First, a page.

At 24 minutes and only released digitally as 160kbps MP3 files, [0,0,0] has the semblance of something minor. Still, there’s more to dissect if you wish: tracks with negative integers are “danceable,” while those with positive ones aren’t, and there’s a sense some correlation exists between a track like “[-1,0,0]” and “[0,0,-1].” But more than anything, putting on this album reminds me that musical experimentation can and should be fun; it’s just that making others feel that is another skill entirely. —Joshua Minsoo Kim

Listen to “[0,0,1]” at YouTube.


The Aquabats! - Myths, Legends, and Other Amazing Adventures, Vol. 2 (Fearless / Horchata)

I won’t pretend there’s anything especially profound about this mid-career collection of rarities by The Aquabats, the whimsical and campy (yet resolutely hetero) spandex-clad ska-punks from Long Beach. I won’t suggest that that lack of profundity is especially deserving of praise or note. And admittedly it’s a stretch to consider this album “overlooked” when it contains two of the cult-favorite band’s most iconic songs “Pizza Day” and “Pool Party” (growing up in Southern California, even by the late aughts, these were two subcultural touchstones, apt for quoting with pre-teen friends).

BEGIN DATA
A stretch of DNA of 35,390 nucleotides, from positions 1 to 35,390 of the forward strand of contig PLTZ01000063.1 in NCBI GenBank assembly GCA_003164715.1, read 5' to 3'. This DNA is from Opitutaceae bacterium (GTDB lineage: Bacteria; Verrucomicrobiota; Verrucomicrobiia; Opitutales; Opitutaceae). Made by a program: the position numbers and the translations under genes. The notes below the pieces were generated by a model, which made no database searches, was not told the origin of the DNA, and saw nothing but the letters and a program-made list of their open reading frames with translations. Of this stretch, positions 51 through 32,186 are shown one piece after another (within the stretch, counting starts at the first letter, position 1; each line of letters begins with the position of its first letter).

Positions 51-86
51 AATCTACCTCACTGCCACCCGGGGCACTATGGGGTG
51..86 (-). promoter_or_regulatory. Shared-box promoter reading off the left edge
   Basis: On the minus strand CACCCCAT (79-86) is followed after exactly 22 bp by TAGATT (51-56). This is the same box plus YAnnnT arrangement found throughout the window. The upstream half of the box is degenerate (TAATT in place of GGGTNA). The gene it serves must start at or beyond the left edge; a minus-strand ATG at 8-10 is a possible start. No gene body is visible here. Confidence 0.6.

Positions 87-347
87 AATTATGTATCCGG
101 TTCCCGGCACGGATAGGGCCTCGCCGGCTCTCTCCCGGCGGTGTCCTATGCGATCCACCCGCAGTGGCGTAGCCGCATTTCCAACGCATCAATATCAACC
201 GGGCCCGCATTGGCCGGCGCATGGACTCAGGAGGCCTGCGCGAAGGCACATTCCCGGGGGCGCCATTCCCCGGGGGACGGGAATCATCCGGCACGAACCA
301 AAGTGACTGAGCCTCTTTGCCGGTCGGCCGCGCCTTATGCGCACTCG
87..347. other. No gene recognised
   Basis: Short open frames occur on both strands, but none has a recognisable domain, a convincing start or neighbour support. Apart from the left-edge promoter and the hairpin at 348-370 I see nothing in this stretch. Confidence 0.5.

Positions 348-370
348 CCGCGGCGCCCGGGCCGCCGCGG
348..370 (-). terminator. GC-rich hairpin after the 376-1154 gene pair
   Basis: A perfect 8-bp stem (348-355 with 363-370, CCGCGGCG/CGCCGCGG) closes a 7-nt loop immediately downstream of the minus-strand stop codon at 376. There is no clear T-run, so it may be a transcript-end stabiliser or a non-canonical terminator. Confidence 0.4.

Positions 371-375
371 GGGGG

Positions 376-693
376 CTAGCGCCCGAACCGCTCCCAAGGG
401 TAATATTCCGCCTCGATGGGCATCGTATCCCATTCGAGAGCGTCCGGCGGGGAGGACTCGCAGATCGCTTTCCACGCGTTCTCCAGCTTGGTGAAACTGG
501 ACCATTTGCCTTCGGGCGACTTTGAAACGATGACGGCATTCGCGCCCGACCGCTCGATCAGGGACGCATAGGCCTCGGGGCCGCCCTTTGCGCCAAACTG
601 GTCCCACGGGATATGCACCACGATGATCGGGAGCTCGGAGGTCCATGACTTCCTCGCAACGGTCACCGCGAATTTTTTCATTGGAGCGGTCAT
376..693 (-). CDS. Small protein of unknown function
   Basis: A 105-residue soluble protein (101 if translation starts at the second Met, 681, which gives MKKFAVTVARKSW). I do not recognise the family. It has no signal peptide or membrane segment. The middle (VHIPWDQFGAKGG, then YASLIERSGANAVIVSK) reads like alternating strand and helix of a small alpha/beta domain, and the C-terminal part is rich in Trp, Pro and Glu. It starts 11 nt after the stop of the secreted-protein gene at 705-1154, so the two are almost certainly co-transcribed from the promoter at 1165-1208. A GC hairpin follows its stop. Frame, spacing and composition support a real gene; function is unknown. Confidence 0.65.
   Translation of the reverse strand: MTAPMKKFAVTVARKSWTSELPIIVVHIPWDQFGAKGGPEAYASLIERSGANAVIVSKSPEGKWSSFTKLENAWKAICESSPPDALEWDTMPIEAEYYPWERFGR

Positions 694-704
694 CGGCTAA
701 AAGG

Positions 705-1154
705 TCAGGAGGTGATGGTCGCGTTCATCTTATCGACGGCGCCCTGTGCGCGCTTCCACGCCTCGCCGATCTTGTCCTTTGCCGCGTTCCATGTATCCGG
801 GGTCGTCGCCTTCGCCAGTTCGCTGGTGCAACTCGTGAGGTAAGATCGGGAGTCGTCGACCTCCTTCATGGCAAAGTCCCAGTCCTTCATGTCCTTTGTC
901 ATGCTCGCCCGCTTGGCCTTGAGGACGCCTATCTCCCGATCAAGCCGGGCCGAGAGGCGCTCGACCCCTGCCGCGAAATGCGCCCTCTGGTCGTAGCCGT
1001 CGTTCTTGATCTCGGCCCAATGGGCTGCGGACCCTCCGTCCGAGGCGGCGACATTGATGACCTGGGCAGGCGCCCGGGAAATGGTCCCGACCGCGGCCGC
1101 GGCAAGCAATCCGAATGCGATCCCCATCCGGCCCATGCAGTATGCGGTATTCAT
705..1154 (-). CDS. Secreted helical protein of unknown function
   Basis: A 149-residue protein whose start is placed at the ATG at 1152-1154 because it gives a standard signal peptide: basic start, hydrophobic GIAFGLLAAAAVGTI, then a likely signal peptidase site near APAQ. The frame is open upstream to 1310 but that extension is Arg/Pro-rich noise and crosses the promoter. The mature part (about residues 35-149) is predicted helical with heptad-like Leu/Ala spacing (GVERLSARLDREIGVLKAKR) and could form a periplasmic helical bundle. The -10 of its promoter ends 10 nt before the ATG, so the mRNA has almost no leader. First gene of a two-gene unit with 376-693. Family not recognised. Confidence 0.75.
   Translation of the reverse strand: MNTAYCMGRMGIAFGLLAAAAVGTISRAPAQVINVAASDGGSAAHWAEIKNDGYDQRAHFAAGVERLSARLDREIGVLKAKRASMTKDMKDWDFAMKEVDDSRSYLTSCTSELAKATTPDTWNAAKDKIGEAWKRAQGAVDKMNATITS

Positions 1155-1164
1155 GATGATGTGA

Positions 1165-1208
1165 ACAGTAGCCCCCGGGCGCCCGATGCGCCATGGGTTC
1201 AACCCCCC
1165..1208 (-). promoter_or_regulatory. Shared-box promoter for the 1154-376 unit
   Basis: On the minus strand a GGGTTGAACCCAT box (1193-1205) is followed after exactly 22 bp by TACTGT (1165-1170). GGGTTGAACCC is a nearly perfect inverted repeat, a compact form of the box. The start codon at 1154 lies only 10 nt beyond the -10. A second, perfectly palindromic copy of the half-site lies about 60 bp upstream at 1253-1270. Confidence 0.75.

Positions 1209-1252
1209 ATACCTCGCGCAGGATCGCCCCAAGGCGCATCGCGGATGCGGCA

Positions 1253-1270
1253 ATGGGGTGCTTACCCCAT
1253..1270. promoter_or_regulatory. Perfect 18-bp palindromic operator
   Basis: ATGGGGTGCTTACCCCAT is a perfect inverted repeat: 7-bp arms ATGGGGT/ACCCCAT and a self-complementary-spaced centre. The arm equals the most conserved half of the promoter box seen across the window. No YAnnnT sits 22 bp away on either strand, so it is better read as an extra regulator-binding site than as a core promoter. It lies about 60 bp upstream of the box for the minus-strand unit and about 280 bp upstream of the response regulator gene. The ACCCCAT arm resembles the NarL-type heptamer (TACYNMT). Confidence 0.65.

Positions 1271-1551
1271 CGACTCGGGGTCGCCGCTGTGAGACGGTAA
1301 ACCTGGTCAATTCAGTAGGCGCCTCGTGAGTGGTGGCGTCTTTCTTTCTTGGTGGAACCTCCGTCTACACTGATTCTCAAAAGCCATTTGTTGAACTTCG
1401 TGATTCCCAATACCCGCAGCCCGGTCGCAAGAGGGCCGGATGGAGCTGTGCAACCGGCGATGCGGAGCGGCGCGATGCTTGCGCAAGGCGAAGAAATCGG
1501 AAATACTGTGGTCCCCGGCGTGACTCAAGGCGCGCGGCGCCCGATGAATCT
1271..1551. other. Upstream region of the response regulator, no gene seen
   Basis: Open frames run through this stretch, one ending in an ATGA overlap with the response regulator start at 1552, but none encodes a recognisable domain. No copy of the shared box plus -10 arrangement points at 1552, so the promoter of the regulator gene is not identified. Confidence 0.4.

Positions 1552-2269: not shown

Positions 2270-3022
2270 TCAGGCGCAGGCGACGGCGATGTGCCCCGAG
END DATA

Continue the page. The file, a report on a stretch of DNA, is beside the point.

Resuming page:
However, being a collection of rarities, this album highlights The Aquabats’s skill for addressing the minutiae of daily life with not only humor, but a particularly sharp nuance and peculiarity. The band’s two studio albums prior had been primarily concerned with building the comic book world they would inhabit on stage and camera: monsters were tousled and martians were married in the spotlight while sweaters and skateboards sat in darker corners. But B-Sides and compilation contributions aren’t the space for myth building, allowing this 13-song collection to act as a veritable junk drawer in the most charming of ways, a testament in itself to the overlooked and non-canonical.

Occasionally The Aquabats’ appreciation for the banal events in life is juxtaposed by its musical accompaniment to play it for laughs. A raging rap-rock tantrum emerges when the singer has fallen asleep on his arm and, now “totally numb,” feels no pain. There, it takes all the moving and shaking of a Zach de la Rocha or Fred Durst to return feeling to the limb again. “I Fell Asleep on My Arm” is a light comedy, ironic and absurd, but admittedly saying little. Likewise, a pseudo-tango is passionately sung from the perspective of a baker who derides the loneliness of a bread oven but makes it clear with a ferocity: “I am the baker / I bake the cake / make no mistake, I / like to bake.” The humor here is faultless but simple.